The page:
Learning to ride, falling down, getting back on
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Ellery Akers is the winner of five national poetry awards and author of Knocking on the Earth (Wesleyan University Press). She lives in Point Reyes Station, California.
Bella Mahaya Carter’s writing has been published in Calyx and Earth’s Daughters. She is also a trained choreographer and dancer who works with children. She lives in Studio City, California.
Robert P. Cooke worked at British Petroleum for twenty-five years as a pipe fitter, welder, and trainer. He is now retired and stays home to cook, clean, and write poetry while his wife is at work. “I still get up at five in the morning as if I’m going to my former job,” he says. He lives in Highland, Indiana.
Diane Covington is an award-winning journalist who bought a run-down organic apple farm to save it from developers. She has since mastered mowing, fixing broken irrigation pipes (including those she has broken while mowing), and climbing trees to harvest apples. She lives in Encinitas, California.
Norman Fischer is founder of the Everyday Zen Foundation (www.everydayzen.org) and former co-abbot of the San Francisco Zen Center. His latest book of poetry is I Was Blown Back (Singing Horse Press). He lives in Muir Beach, California.
Anna Belle Kaufman is a former silversmith and set designer who now works as an art psychotherapist with AIDS and cancer patients. She lives in Gualala, California.
Valerie Ann Leff is the author of the novel Better Homes and Husbands (St. Martin’s Press). She lives in Asheville, North Carolina.
Christopher Locke’s essay in this issue is from a memoir-in-progress called Speaking in Tongues. He hopes that a month in San Miguel de Allende, Mexico, will help him complete the book. If not, he says, at least he’ll be able to indulge in some pulled-pork tacos and a little mescal.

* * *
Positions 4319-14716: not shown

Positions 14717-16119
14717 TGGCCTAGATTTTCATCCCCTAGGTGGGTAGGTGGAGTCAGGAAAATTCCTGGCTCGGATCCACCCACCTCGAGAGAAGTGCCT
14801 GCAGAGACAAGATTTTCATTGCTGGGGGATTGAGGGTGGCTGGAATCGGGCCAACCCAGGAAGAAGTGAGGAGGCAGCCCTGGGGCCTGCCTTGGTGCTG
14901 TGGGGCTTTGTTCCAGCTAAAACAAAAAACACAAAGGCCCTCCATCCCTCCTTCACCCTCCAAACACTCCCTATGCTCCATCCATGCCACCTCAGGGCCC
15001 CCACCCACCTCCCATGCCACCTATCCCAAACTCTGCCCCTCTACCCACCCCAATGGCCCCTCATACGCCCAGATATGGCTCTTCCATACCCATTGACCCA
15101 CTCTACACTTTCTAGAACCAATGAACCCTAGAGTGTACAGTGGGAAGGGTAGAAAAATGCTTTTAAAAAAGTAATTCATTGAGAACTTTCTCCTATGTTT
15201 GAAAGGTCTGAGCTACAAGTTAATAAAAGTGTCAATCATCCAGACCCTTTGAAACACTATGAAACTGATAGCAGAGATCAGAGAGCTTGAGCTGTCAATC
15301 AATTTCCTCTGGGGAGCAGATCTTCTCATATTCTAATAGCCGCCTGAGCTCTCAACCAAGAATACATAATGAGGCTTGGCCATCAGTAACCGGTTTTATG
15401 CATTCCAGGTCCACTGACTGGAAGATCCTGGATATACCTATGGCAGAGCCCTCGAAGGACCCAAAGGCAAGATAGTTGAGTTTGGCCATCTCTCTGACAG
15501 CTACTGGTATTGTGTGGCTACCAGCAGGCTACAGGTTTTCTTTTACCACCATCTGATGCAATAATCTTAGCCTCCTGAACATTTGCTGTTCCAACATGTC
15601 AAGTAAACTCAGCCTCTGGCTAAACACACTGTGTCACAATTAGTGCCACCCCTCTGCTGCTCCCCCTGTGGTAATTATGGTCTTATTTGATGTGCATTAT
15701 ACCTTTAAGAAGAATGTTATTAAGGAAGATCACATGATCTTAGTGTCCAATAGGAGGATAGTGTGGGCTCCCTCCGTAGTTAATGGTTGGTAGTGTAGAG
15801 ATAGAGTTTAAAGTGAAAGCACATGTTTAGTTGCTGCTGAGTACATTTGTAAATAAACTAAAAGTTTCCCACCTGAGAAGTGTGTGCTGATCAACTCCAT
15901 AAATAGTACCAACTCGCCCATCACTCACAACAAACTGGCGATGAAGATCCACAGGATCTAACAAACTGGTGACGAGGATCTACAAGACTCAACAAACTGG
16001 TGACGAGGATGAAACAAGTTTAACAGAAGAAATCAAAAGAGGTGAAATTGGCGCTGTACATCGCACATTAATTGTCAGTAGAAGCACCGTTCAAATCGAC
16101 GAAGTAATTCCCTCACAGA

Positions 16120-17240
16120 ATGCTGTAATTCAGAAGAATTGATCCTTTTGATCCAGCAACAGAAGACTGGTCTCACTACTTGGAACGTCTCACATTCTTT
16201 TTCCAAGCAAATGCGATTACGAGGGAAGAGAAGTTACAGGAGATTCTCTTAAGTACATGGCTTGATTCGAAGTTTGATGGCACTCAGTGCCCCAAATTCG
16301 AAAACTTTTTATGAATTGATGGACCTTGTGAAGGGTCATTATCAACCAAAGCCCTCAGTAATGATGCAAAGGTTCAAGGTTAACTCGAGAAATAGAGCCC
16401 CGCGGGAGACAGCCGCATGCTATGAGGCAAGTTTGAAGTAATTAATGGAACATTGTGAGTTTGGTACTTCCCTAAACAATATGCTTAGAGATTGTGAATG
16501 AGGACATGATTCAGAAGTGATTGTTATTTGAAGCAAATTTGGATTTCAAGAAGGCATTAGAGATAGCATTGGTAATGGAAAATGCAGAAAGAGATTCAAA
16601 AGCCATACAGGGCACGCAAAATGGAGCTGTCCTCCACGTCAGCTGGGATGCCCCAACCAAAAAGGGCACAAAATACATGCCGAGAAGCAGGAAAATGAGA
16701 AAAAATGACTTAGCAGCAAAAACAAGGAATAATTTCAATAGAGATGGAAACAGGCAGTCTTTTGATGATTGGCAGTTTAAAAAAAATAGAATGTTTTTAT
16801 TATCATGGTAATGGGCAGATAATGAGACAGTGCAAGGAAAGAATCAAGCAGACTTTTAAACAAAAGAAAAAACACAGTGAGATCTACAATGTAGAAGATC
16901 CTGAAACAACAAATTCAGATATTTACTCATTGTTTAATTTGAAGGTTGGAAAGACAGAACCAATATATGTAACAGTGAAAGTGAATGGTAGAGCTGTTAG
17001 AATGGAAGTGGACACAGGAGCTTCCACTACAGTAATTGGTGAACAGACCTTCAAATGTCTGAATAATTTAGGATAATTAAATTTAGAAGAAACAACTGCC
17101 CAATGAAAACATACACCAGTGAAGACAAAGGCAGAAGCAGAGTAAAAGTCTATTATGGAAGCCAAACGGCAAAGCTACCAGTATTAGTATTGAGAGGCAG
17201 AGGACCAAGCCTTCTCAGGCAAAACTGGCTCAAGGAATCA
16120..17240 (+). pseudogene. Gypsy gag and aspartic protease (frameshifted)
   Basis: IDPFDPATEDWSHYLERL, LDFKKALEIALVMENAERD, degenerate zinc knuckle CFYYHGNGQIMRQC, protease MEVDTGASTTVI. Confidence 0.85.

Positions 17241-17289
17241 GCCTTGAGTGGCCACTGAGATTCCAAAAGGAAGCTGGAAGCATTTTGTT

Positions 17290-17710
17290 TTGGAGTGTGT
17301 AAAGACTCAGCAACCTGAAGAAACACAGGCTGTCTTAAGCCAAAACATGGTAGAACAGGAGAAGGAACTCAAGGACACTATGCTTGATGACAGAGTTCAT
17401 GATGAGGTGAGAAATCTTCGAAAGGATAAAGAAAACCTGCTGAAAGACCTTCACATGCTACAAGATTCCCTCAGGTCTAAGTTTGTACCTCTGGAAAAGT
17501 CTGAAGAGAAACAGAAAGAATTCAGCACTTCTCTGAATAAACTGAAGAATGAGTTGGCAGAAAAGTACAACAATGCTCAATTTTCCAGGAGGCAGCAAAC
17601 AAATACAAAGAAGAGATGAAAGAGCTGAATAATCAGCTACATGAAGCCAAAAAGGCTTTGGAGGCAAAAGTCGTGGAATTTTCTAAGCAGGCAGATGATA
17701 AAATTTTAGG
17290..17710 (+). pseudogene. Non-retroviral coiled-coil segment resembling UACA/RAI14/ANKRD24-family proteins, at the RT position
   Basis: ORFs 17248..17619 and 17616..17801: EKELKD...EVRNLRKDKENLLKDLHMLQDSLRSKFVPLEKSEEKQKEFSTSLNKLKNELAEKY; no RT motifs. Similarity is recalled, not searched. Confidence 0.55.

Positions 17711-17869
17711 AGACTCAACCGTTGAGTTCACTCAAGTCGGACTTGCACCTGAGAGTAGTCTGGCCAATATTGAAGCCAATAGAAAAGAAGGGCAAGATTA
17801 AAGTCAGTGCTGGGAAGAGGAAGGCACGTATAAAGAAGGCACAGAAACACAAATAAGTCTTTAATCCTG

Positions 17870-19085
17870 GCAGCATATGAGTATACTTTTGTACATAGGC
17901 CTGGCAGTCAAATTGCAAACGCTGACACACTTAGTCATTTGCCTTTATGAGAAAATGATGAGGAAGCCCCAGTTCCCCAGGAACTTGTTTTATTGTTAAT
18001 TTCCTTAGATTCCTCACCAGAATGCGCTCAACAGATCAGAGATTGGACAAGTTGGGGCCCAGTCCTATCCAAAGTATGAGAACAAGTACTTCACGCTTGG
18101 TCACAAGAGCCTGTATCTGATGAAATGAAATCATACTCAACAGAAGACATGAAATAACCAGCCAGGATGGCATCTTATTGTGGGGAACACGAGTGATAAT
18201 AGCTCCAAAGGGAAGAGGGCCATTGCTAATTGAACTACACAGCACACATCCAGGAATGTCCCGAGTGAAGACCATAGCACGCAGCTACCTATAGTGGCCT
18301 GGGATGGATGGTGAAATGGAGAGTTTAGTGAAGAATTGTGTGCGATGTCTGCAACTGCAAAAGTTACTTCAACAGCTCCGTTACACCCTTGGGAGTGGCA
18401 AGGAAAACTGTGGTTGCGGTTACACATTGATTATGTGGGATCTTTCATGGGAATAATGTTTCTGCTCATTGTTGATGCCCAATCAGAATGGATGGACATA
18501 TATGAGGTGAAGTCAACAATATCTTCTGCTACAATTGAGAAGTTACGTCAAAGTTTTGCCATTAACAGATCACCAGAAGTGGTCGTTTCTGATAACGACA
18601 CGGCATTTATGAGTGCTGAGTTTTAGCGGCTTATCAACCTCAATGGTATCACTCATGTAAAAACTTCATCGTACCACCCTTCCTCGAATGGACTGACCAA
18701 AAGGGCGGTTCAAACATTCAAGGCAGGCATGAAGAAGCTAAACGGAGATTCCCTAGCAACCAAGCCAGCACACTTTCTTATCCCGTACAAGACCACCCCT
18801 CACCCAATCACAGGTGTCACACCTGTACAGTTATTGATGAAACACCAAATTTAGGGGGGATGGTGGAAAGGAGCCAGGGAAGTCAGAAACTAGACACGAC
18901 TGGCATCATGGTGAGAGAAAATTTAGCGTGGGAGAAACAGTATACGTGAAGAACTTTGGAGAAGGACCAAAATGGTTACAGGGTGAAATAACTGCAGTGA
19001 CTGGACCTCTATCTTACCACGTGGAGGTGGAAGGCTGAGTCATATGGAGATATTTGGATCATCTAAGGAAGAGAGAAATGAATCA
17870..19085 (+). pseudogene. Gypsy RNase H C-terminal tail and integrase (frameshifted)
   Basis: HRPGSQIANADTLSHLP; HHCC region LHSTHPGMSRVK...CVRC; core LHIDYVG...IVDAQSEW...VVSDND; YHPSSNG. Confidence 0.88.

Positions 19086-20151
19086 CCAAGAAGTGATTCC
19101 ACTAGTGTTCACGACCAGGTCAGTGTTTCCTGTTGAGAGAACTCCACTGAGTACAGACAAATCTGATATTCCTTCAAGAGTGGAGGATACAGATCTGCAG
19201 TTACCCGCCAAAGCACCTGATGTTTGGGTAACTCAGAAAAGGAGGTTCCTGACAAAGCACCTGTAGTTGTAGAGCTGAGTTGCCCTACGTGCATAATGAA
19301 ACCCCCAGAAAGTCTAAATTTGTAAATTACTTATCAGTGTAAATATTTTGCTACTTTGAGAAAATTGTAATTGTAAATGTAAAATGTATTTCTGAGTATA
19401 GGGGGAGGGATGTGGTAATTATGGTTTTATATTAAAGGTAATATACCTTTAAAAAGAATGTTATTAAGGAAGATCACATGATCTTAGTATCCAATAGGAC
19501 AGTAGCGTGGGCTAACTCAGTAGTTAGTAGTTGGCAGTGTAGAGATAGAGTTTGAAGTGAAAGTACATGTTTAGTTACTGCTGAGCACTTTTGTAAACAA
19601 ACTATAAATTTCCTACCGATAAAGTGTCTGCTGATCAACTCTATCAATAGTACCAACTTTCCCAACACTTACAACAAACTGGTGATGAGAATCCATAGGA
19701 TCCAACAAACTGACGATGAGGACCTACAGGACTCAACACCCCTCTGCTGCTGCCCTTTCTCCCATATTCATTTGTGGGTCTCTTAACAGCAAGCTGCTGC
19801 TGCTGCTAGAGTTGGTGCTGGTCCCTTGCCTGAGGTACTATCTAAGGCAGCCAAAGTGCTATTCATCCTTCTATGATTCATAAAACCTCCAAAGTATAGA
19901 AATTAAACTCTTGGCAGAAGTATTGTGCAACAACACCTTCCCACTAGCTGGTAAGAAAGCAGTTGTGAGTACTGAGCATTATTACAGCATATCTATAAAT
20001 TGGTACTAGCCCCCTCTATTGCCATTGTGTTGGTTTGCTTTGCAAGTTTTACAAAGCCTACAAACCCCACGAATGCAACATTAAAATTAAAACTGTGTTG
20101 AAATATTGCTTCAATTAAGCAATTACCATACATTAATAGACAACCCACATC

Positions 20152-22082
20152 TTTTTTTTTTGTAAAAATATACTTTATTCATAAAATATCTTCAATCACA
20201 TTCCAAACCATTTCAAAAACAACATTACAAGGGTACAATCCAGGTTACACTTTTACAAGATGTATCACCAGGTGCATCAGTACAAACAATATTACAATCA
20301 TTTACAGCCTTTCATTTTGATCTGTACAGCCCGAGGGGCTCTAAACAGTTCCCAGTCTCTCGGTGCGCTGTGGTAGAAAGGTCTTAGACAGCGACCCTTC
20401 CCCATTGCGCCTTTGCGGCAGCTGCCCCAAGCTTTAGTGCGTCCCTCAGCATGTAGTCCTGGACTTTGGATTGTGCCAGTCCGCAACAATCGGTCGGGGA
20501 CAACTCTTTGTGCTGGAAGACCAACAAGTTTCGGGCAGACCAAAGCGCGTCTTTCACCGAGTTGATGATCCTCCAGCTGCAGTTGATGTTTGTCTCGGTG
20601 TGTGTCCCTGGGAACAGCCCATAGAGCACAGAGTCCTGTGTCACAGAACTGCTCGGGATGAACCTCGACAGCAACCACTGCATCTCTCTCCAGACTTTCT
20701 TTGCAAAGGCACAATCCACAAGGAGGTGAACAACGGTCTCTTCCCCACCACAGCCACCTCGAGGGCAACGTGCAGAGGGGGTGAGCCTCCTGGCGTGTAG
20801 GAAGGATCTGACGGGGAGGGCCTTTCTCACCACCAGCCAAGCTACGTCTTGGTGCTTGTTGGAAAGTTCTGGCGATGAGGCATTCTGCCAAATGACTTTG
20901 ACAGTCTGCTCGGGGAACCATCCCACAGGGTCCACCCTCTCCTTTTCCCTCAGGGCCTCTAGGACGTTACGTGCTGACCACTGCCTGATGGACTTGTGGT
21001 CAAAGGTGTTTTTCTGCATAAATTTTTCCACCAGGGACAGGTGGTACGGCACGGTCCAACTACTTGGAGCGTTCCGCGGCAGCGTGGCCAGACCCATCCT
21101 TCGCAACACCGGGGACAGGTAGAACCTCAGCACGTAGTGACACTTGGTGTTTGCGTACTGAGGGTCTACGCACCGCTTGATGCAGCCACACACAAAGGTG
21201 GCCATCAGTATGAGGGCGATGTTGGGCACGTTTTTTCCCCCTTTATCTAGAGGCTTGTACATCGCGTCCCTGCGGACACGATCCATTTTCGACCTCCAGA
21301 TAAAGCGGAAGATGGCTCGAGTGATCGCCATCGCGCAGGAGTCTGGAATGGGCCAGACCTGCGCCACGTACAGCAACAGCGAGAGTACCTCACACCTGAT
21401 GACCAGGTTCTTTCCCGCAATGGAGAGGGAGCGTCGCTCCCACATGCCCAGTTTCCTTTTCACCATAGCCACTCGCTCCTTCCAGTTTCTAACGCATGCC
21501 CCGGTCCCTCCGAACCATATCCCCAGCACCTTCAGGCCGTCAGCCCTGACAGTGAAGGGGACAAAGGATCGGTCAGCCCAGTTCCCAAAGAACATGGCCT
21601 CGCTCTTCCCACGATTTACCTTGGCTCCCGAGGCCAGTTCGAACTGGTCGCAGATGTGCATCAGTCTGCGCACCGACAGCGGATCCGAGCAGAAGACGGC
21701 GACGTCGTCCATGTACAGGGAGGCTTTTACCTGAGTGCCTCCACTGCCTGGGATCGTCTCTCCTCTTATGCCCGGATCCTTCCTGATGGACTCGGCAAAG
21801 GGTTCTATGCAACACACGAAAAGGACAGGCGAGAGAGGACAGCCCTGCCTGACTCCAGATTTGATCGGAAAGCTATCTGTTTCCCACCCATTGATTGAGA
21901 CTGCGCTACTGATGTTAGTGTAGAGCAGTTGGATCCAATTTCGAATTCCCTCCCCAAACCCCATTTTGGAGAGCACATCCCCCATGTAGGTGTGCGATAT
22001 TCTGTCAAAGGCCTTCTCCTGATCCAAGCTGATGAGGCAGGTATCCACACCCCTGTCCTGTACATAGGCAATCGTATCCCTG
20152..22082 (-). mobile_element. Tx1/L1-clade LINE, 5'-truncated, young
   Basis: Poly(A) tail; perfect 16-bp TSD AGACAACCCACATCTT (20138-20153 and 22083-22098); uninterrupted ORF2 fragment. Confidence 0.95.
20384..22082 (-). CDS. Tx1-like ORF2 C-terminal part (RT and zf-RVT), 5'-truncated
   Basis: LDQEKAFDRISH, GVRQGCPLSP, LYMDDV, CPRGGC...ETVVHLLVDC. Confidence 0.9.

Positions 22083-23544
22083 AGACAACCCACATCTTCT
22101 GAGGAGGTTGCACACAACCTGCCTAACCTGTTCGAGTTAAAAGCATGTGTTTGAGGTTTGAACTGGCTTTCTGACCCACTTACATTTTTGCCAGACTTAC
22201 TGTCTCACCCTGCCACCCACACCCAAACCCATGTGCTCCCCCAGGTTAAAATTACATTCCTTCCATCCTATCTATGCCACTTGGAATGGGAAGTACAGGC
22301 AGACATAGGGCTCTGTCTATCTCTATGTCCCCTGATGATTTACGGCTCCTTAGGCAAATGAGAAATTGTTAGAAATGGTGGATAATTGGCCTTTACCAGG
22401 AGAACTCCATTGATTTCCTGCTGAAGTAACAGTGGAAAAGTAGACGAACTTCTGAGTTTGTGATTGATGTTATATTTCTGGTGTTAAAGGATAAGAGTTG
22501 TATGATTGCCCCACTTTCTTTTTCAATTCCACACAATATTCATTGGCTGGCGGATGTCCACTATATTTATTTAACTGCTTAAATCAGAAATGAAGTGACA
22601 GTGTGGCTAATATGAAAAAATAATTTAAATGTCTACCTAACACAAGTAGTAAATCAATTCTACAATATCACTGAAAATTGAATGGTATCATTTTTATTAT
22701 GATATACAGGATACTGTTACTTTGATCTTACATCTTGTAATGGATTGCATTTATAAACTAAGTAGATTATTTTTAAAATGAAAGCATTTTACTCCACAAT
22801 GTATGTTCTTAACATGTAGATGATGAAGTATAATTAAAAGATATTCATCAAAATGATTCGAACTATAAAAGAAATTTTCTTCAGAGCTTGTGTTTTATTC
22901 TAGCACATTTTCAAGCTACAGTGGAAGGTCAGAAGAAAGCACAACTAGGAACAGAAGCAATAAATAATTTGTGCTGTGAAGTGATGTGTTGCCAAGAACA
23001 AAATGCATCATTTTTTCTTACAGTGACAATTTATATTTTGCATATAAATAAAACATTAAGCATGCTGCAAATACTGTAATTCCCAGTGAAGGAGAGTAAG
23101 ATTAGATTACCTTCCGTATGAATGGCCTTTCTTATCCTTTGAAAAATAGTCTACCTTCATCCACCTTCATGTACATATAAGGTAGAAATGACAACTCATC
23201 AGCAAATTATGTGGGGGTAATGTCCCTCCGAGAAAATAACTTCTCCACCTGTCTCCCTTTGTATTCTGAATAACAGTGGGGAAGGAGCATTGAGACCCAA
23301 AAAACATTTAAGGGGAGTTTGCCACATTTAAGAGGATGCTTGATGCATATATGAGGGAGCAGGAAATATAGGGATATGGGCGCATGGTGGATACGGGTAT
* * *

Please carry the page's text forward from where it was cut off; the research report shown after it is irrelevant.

Alison Luterman blogs about art, life, performance, and poetry at seehowwealmostfly.blogspot.com. She lives in Oakland, California.
Linda McCullough Moore lives in Northampton, Massachusetts, where she’s toying with the idea of founding an institute for Christian studies. “Either that,” she says, “or cleaning out my refrigerator.”
Kim Stafford directs the Northwest Writing Institute. His most recent book is A Thousand Friends of Rain: New and Selected Poems (Carnegie-Mellon University Press). He lives in Portland, Oregon.
Ryan Anderson is a photographer and archaeologist. He lives in Oceanside, California.
Lisa Callamaro is a photographer who also works in the film industry. She lives in Beverly Hills, California.
Sylvia de Swaan is a photographer who was born in Romania, survived the Holocaust, and lived in refugee camps until she was ten. She now lives in Utica, New York, and has made seven trips to Europe to explore her past.
Gary Green teaches photography at the college level and is currently an artist-in-residence at Southern Maine Community College. He lives in Portland, Maine.
Thomas Hyde recently sold the community newspaper he owned and edited for more than a decade so that he could pursue photography and writing. He lives in Elma, Washington.
Clemens Kalischer has been taking photographs since 1947 and maintains Image Photos, an archive of more than half a million pictures. He lives in Stockbridge, Massachusetts.
Susan Lirakis Nicolay is a photographer who lives in Sandwich, New Hampshire. She loves to learn new things and tries to follow the example of her mother, who got her PhD when she was seventy-six.
Jacqueline Moreau works with special-education students during the school year and as a fire lookout in a national forest in summer. She lives in White Salmon, Washington, with her son, a horse, a cat, and chickens that lay blue-green eggs.
Gary Oliveira is glad he ignored the advice of his high-school guidance counselor, who said, about becoming a photographer: “Don’t confuse a hobby with a profession.” He lives in Seattle, Washington.
Jan Phillips’s photographs have been published in the book God Is at Eye Level: Photography as a Healing Art (Quest Books). She lives in San Diego, California, where the light is good.
Claire Sides lives in Raymond, Washington, where she takes photographs, delivers mail, and hikes with her two dogs. She finds a penny almost every day.
Tim Stegmaier is a photographer who performs West African dance professionally, though he is not West African. He lives in Cincinnati, Ohio.
Cole Thompson is a photographer who lives on a small ranch in Laporte, Colorado.
Stephanie Umeda is a photographer who lives in Brooklyn, New York.
Marshall Clarke took this month’s cover photograph of his grandmother Marjorie Clarke on the front porch of her home outside Butler, Maryland. Marjorie, now deceased, had Alzheimer’s disease. In the picture she sits with her nurse, who is describing the scenery to her and explaining where she is. The picture is part of the photo essay Into Silence.
Rachel J. Elliott
Assistant to the Editor
Website & Events Director